(NASHVILLE SKYLINE is a column by CMT/CMT.com Editorial Director Chet Flippo.)
In thinking about some recent music I have greatly enjoyed, one factor becomes all-important. Often, the best music does not come from a record label or from a successful producer or from the songwriting factory.
It is organic music, true roots music, that comes from the ground up, that comes from artists acting on their own musical inspirations. Think about recent arrivals such as the Pistol Annies and the Civil Wars. In both cases, that music was not expected and fit nothing else that had been successful recently. Neither group is a new version of any group that had been working before in the music. Their music copied nothing that had been successful recently. By all commercial standards, they should have failed. But they didn’t. Because they found an audience. Or an audience found them.
Remember after Taylor Swift hit it really big? Record labels were running around frantically, trying to find the next young Taylor Swift. Nashville was flooded with beautiful teenaged and even pre-teen girls, all seeking to be the next Taylor. Where are they now? Gone. All gone. None of them hit. Because the audience didn’t need or want another Taylor Swift. They already had the one they wanted.
I am sure there are record labels and producers scouring Nashville and indeed the entire South right now in a search for another Pistol Annies and for another Civil Wars. But you know what? We don’t want or need them. We already have the real thing.
Here are some hopes for the music in 2012:
To all artists and songwriters and producers striving to create new music this year: Please endeavor to remember and honor the spirit and the fervor of such works as Miranda Lambert’s “The House That Built Me,” Brad Paisley and Alison Krauss’ “Whiskey Lullaby,” the entire O Brother, Where Art Thou soundtrack album, Jamey Johnson’s “In Color,” Dierks Bentley’s “Home,” Alan Jackson’s “Where Were You (When the World Stopped Turning),” Lee Ann Womack’s “I Hope You Dance,” Tim McGraw’s “Live Like You Were Dying” and Carrie Underwood’s “Jesus, Take the Wheel.”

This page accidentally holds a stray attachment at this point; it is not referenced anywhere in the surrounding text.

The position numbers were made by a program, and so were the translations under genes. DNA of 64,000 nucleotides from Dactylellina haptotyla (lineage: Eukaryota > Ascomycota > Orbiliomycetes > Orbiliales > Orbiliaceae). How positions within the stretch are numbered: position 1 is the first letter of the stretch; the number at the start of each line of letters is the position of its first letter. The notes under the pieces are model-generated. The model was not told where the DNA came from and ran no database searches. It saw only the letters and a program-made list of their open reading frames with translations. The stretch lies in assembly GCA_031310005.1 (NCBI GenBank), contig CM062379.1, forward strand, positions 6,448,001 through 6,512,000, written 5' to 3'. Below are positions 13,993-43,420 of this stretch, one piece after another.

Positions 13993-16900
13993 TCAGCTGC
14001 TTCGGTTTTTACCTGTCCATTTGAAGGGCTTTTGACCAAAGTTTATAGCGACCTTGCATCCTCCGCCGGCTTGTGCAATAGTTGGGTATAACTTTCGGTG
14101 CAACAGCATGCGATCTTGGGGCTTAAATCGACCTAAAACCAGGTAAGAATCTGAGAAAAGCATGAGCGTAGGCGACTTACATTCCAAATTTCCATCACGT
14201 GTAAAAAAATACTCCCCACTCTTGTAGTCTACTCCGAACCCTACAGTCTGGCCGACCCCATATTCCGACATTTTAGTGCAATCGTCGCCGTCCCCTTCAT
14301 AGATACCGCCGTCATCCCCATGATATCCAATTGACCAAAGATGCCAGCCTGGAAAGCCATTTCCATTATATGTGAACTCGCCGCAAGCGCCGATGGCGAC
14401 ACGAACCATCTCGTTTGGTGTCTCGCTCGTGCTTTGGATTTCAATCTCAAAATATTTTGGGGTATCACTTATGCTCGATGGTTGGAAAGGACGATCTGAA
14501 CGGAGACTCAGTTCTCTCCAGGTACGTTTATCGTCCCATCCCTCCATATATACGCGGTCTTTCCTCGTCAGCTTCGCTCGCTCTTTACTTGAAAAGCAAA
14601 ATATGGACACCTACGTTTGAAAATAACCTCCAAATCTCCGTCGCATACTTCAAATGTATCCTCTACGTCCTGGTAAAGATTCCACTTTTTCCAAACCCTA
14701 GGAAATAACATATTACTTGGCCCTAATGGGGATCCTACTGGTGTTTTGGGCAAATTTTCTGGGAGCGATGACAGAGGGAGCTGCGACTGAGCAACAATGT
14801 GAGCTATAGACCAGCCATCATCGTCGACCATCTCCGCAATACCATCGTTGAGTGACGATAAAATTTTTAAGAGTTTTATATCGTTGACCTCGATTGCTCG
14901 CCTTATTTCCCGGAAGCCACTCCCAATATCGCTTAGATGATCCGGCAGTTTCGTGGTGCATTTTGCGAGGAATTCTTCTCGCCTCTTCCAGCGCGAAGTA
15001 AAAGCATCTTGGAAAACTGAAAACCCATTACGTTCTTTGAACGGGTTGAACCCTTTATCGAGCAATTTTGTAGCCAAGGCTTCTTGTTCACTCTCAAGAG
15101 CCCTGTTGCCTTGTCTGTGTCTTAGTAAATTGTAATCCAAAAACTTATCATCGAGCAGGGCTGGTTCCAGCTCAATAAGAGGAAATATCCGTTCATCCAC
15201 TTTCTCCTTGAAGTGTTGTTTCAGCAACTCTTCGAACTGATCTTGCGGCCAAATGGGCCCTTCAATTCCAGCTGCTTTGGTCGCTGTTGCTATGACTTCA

And also: Matraca Berg’s “You and Tequila,” Ronnie Dunn’s “Cost of Living,” Taylor Swift’s epic videos, the Pistol Annies’ debut album, the Civil Wars’ debut album, Dailey & Vincent’s new gospel album, Willie Nelson’s epochal album Red Headed Stranger, Waylon Jennings’ Dreaming My Dreams, Eric Church’s “Homeboy,” the Avett Brothers’ “I and Love and You,” Solomon Burke’s soul country, Ray Charles’ Modern Sounds in Country and Western Music, the spirit and soul of the movie Crazy Heart and Laura Cantrell’s Kitty Wells Dresses: Songs of the Queen of Country Music.
And that’s to name but a few of many worthy works that have come before.
It was upon bricks such as those that this house was built. And it will not stand without its foundation being constantly strengthened and renewed.
As a final note, attention, all you young punk-ass would-be countrier-than-thou aspiring country artists and songwriters: If you want to know what a real country song sounds like, harken back to the rowdy, swaggering ex-convict David Allan Coe and his definitive this-is-country song. Never mind the fact that Waylon Jennings once famously said Coe’s idea of being an Outlaw was double-parking on Music Row. Coe did indeed walk the walk and talk the talk.
If you’ve never listened to Coe’s “You Never Even Call Me by My Name,” it’s time you checked it out. He modestly admitted in the song that — once he took Steve Goodman’s original song and added the requisite country elements of mama, prison, trains, trucks and getting drunk — he had indeed created the perfect country song. And it still stands up very well on its own two feet today.
Now, that is a by-God country song worthy of the name. That’s a song that can fairly well jump out of the speakers and thoroughly kick your ass. It is way more country than just about anything that I heard last year.
I suppose I should be proud that Coe once wrote a song for me titled “I’d Like to Kick the S**t Out of You.” Quite an honor.